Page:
Photo: Penny De Los Santos
Hands-on Time
30 Mins
Total Time
1 Hour 30 Mins
Yield
Makes about 8 oz.

Many enslaved African-Americans came from beekeeping countries; others interacted with certain Native American groups who bartered with beeswax and honey. This candy deliciously celebrates those all-but-forgotten intertwinings in early American society. It also celebrates George Washington Carver, who advocated for everything peanut.

How to Make It

Bring first 4 ingredients to a boil in a deep pot over high heat, stirring constantly until sugar dissolves. Boil mixture until a candy thermometer registers 300°. Remove from heat. (If you don't have a candy thermometer, drop a bit of the mixture into a glass of ice water to test the temperature. If it hardens, you're all set.) Carefully stir in baking soda and remaining ingredients. (Mixture will fluff up.) Spread mixture onto a well-buttered baking sheet, and cool completely (about 1 hour). Break into pieces, and store cooled brittle in an airtight container in a cool, dry place up to 1 week.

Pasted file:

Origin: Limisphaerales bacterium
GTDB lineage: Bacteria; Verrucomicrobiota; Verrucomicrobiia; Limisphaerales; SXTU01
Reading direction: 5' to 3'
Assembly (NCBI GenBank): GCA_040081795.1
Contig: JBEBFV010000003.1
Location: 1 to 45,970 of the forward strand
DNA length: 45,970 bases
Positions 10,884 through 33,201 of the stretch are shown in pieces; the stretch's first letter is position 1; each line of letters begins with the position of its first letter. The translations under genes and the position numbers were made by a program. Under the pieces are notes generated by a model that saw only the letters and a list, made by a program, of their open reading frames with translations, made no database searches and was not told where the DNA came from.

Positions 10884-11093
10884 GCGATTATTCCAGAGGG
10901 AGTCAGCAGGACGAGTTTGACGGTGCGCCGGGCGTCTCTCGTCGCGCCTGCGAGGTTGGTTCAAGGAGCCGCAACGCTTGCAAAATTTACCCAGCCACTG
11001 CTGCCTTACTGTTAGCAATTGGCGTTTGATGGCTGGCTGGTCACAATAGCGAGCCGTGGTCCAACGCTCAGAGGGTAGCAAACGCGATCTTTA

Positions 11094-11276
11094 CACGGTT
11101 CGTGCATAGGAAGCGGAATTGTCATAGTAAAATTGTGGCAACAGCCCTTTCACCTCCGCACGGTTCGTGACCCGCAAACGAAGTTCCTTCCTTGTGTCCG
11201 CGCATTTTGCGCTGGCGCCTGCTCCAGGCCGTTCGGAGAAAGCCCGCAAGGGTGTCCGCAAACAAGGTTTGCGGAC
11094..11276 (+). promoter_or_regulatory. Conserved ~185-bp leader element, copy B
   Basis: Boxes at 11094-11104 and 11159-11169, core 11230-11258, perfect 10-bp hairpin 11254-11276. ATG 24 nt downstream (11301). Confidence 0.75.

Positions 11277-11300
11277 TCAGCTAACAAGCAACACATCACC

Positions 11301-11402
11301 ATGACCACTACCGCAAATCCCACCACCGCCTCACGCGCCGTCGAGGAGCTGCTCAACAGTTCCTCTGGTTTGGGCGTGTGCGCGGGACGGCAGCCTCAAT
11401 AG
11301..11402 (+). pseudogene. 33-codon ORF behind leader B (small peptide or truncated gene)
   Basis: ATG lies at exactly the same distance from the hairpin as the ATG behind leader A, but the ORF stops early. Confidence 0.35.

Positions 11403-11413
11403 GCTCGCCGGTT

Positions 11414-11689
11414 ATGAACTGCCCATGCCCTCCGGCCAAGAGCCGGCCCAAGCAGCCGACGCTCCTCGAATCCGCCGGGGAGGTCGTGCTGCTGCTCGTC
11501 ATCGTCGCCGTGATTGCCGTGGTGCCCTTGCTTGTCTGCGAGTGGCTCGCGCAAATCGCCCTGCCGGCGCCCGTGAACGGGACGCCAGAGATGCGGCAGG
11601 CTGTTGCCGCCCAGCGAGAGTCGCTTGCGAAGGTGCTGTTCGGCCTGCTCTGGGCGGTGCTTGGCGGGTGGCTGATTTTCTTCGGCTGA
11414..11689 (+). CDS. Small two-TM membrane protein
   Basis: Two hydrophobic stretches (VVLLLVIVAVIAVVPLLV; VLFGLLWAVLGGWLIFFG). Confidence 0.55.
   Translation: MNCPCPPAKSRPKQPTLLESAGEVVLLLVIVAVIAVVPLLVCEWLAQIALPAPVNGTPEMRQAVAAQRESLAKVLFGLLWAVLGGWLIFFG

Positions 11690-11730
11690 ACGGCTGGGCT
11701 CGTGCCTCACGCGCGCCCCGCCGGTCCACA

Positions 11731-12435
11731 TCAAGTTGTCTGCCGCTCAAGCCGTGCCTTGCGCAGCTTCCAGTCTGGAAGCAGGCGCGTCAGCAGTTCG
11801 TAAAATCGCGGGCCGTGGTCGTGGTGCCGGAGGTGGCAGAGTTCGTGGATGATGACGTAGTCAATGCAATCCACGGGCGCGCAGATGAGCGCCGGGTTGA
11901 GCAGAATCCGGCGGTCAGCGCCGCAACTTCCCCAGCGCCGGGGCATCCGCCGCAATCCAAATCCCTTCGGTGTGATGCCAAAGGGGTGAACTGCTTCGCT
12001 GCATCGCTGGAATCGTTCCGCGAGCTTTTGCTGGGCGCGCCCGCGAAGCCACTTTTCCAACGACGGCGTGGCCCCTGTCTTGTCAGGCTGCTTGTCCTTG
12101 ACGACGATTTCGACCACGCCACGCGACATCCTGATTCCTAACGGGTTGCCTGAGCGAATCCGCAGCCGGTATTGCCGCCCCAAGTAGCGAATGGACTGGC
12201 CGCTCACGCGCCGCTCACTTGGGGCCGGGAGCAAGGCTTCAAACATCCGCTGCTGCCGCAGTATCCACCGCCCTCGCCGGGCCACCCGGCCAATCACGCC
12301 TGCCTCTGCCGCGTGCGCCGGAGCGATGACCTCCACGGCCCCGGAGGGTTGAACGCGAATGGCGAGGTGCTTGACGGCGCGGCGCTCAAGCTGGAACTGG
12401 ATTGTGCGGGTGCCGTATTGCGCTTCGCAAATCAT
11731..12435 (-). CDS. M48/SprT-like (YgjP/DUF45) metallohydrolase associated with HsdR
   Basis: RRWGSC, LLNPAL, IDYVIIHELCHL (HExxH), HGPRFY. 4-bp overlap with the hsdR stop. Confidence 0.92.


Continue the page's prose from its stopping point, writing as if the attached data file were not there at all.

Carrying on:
Recipe adapted from Soul Food Love, copyright 2015 by Alice Randall and Caroline Randall Williams. To be published by Clarkson Potter, Feb. 3, 2015.

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